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Hoffmann, R. A wiki for the life sciences where authorship matters. Nature Genetics (2008)
 
 
 

Role of oxygen-derived free radicals in diet-induced hemorrhagic pancreatitis in mice.

The role of oxygen-derived free radicals in the pathogenesis of acute pancreatitis was studied by evaluating the effects of catalase, allopurinol, and dimethylsulfoxide on diet-induced acute hemorrhagic pancreatic necrosis in mice. The mortality rate and degree of hyperamylasemia associated with this model of pancreatitis were reduced by catalase but a similar result followed the administration of heat-denatured catalase, suggesting that the apparent protective effect of catalase was not the result of reductions in free radical levels. Neither allopurinol nor dimethylsulfoxide reduced mortality or degree of hyperamylasemia. The increased pancreatic content of amylase and the necrosis that characterize this model of pancreatitis were not altered by any of the agents tested. In contrast, both allopurinol and dimethylsulfoxide reduced peripancreatic edema formation, suggesting that edema, but not the other features that characterize this model of pancreatitis, may result from generation of oxygen-derived free radicals.[1]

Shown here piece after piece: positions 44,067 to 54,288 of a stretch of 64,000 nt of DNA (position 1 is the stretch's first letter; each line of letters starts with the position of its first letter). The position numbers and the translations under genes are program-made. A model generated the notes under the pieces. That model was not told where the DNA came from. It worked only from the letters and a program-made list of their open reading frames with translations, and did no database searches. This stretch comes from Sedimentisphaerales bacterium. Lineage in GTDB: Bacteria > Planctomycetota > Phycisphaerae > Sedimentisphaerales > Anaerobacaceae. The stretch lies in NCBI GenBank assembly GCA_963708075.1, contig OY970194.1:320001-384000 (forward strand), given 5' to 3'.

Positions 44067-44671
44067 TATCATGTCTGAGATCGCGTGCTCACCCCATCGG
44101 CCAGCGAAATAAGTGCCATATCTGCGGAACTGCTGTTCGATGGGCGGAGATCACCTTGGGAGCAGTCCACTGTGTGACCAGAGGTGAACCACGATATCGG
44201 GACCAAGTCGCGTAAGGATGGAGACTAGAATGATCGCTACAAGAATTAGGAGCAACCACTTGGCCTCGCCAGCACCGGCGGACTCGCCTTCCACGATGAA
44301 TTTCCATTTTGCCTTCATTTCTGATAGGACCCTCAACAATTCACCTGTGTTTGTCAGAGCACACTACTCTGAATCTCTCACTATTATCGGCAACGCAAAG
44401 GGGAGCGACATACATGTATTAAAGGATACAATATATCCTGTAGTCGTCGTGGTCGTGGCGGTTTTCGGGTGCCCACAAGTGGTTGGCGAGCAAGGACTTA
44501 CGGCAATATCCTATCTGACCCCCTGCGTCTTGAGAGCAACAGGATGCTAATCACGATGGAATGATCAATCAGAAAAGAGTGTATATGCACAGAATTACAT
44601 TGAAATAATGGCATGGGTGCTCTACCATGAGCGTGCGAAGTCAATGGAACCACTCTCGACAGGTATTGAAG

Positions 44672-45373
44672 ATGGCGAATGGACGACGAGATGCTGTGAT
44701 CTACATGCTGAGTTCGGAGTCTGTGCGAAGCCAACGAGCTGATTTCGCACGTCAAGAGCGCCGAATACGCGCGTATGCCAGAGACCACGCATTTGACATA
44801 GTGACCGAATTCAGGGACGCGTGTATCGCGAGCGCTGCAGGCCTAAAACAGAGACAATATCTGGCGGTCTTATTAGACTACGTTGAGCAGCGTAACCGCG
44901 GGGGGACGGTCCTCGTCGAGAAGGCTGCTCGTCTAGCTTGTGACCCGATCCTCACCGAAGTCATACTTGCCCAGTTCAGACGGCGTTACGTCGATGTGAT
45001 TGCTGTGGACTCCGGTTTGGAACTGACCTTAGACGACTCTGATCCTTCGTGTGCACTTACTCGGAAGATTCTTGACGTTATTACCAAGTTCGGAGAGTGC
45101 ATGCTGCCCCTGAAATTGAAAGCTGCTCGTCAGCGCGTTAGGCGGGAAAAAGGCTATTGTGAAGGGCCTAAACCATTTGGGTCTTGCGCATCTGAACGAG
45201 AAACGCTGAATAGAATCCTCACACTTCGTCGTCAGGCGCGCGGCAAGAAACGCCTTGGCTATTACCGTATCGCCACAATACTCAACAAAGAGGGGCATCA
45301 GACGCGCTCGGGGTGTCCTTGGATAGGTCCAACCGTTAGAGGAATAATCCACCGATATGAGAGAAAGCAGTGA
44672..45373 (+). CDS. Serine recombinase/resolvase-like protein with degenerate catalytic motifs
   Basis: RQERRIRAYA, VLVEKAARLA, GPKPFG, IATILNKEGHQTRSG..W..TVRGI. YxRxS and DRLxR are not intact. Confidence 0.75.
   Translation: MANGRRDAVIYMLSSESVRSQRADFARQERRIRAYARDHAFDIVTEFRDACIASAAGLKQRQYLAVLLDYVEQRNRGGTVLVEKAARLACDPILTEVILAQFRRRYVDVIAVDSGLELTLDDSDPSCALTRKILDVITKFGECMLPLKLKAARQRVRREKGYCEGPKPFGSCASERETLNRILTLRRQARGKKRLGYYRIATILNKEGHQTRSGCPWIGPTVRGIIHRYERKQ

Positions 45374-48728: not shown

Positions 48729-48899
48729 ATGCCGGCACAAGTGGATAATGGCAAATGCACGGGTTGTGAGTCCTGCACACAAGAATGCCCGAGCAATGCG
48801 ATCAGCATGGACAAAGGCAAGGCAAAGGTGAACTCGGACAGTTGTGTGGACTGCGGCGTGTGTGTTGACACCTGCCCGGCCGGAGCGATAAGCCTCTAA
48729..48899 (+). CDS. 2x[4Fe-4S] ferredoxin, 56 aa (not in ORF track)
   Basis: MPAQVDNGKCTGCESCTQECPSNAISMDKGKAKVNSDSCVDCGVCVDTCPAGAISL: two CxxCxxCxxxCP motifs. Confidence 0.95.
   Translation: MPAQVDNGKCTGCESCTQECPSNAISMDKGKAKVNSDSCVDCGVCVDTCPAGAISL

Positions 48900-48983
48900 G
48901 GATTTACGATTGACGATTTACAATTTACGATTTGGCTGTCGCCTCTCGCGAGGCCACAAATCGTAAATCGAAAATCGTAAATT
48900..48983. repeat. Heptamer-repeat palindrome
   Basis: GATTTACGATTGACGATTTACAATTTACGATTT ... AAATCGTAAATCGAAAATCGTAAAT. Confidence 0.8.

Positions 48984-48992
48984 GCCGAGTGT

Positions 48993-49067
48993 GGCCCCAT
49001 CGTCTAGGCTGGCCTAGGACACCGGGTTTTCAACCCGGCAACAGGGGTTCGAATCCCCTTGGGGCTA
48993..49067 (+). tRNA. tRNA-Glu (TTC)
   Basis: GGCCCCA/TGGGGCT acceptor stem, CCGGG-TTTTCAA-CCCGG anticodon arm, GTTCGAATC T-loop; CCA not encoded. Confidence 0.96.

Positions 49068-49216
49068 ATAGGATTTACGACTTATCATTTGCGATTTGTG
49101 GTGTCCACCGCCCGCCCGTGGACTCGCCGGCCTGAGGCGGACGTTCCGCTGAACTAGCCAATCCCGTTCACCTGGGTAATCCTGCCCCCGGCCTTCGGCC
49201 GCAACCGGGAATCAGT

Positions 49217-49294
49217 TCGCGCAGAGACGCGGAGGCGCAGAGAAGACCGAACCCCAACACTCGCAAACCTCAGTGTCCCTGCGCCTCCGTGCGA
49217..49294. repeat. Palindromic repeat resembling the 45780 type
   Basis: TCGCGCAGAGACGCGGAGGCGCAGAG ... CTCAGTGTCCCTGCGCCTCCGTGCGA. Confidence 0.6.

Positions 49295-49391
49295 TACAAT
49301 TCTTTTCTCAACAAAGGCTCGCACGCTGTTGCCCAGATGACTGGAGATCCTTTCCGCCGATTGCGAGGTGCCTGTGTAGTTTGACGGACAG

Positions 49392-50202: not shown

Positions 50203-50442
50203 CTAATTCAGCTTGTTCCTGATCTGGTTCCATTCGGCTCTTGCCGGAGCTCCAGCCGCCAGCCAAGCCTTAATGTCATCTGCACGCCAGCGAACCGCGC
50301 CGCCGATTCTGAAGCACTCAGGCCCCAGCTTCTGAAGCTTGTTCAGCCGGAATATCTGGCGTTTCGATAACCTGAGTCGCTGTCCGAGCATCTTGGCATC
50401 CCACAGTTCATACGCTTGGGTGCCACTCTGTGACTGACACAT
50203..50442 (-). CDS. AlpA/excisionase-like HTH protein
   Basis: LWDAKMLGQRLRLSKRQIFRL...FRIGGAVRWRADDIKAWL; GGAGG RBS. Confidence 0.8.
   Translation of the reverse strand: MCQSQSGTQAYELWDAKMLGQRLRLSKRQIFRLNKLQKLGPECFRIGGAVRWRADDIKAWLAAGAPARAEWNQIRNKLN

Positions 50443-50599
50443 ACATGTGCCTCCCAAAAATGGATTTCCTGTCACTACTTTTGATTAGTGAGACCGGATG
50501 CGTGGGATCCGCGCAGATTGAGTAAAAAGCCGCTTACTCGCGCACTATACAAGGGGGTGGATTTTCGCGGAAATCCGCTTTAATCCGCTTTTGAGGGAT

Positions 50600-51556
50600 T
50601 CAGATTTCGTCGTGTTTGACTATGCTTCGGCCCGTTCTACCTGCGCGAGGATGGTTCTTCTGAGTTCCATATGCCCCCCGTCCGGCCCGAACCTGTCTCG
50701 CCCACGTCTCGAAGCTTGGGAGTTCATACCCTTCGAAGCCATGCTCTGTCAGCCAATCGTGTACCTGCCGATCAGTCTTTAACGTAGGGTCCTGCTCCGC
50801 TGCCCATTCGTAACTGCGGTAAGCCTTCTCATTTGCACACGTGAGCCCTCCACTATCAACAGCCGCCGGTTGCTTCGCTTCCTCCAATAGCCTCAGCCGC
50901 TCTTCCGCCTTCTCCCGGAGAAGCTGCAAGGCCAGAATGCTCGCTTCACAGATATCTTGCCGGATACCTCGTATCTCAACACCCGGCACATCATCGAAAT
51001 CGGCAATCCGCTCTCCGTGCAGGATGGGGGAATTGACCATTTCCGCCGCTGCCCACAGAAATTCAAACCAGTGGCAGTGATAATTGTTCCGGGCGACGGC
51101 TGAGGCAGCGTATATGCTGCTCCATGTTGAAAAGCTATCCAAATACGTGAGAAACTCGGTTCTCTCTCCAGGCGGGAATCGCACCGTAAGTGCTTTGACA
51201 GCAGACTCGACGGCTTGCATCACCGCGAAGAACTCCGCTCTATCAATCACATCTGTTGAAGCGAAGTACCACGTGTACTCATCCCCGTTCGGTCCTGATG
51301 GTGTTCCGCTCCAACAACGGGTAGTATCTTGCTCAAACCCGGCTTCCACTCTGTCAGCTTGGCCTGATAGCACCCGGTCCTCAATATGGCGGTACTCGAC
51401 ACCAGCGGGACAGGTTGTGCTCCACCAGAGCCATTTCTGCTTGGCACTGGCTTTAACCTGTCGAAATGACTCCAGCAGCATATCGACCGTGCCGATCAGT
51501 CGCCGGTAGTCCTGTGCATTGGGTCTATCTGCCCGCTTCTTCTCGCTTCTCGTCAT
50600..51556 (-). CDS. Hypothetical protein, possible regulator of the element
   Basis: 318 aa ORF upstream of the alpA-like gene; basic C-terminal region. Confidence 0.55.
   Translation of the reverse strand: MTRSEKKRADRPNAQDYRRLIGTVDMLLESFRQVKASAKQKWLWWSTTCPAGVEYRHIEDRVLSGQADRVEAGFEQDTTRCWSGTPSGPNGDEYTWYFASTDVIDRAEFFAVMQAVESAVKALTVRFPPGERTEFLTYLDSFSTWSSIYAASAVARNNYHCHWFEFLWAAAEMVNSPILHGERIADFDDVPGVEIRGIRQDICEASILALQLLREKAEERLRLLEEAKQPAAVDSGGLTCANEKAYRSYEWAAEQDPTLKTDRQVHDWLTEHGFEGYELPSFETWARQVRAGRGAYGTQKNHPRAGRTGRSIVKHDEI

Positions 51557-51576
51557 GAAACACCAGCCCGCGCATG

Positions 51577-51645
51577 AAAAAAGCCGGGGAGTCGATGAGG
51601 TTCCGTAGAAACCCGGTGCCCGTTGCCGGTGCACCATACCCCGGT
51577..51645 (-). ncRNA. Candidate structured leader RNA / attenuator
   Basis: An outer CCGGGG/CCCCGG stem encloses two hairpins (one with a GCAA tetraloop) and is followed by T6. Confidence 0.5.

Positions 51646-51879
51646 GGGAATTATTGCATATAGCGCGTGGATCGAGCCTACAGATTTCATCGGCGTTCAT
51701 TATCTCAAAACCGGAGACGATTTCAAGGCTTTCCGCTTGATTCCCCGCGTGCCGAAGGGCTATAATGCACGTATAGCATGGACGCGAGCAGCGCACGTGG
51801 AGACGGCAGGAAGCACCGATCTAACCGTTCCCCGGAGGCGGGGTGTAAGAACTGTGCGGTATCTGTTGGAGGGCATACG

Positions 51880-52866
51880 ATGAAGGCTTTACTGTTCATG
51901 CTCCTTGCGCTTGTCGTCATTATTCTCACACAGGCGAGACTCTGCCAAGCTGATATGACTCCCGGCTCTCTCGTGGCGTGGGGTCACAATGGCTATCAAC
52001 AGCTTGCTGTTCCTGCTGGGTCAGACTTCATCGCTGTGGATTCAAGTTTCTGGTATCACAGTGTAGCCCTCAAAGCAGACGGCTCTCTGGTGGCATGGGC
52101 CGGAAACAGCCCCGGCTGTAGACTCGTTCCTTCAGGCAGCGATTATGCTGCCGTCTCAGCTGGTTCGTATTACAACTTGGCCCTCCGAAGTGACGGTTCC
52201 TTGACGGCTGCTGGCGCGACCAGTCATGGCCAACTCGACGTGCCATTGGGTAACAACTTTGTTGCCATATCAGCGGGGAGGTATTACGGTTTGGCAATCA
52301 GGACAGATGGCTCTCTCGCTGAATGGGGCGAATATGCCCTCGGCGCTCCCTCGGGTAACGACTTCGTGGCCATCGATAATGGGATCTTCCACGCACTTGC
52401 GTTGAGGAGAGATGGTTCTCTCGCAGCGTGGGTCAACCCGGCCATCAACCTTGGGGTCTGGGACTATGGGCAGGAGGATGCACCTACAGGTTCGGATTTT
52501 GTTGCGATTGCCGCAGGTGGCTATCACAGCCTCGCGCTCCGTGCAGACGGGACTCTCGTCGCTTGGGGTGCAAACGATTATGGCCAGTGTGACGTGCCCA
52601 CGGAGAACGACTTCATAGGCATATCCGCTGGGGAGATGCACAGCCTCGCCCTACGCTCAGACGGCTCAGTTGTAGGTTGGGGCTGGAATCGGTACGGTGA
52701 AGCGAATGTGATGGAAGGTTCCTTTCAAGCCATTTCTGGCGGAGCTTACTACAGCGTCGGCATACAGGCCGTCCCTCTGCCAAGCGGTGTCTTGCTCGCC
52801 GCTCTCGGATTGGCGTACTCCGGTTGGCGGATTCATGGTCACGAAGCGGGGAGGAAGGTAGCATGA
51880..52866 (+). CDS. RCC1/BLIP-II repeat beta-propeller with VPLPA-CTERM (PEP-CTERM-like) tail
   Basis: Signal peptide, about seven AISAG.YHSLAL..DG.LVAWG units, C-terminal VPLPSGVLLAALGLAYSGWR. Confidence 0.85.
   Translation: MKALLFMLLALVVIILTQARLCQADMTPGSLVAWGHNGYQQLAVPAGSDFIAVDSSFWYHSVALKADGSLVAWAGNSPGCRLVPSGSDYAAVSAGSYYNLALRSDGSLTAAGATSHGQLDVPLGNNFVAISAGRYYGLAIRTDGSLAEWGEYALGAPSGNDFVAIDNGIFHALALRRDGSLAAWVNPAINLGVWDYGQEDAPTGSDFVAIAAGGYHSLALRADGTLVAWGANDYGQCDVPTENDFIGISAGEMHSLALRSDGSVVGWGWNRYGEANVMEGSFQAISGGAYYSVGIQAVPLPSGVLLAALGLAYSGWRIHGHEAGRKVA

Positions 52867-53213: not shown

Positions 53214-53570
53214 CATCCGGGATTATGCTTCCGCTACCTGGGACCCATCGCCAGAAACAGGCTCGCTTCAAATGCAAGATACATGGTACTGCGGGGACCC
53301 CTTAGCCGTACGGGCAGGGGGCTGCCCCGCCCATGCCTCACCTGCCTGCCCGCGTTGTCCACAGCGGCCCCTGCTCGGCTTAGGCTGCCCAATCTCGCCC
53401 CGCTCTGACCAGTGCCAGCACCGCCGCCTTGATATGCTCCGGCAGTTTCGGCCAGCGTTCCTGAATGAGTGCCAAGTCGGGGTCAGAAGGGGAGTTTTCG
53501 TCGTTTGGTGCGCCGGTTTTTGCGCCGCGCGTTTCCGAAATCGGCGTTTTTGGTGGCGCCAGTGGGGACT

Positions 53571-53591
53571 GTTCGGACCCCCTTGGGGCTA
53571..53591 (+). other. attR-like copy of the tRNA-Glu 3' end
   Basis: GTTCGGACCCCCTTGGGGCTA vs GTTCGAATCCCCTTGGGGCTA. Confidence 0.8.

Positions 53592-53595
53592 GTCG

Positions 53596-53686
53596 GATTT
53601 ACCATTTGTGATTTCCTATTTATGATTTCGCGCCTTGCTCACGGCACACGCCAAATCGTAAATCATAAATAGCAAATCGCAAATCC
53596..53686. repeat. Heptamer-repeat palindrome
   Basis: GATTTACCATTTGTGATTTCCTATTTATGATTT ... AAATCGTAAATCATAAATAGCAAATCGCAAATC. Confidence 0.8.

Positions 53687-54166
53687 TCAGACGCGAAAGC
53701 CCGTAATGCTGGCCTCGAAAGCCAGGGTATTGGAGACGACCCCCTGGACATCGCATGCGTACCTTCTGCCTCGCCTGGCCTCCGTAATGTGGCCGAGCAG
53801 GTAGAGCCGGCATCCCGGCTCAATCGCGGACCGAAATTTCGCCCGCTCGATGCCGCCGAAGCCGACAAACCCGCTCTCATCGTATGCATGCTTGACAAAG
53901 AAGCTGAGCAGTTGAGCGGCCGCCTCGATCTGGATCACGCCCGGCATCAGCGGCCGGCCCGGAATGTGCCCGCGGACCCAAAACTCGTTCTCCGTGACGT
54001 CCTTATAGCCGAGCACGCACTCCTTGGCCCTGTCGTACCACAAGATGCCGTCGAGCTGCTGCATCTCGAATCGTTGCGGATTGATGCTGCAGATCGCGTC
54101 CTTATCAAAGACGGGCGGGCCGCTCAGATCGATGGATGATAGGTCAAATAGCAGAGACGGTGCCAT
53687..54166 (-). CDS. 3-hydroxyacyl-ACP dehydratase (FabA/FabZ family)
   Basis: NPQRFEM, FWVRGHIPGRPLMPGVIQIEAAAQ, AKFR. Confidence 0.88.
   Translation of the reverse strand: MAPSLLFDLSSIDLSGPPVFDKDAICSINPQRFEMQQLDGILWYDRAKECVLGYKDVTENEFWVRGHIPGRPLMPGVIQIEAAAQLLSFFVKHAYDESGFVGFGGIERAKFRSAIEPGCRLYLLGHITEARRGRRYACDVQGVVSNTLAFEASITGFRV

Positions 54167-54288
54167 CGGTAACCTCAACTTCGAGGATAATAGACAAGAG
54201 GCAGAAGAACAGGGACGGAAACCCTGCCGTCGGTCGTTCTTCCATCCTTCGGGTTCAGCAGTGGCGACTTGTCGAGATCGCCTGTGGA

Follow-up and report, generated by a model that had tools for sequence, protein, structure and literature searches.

References

  1. Role of oxygen-derived free radicals in diet-induced hemorrhagic pancreatitis in mice. Rutledge, P.L., Saluja, A.K., Powers, R.E., Steer, M.L. Gastroenterology (1987) [Pubmed]
 
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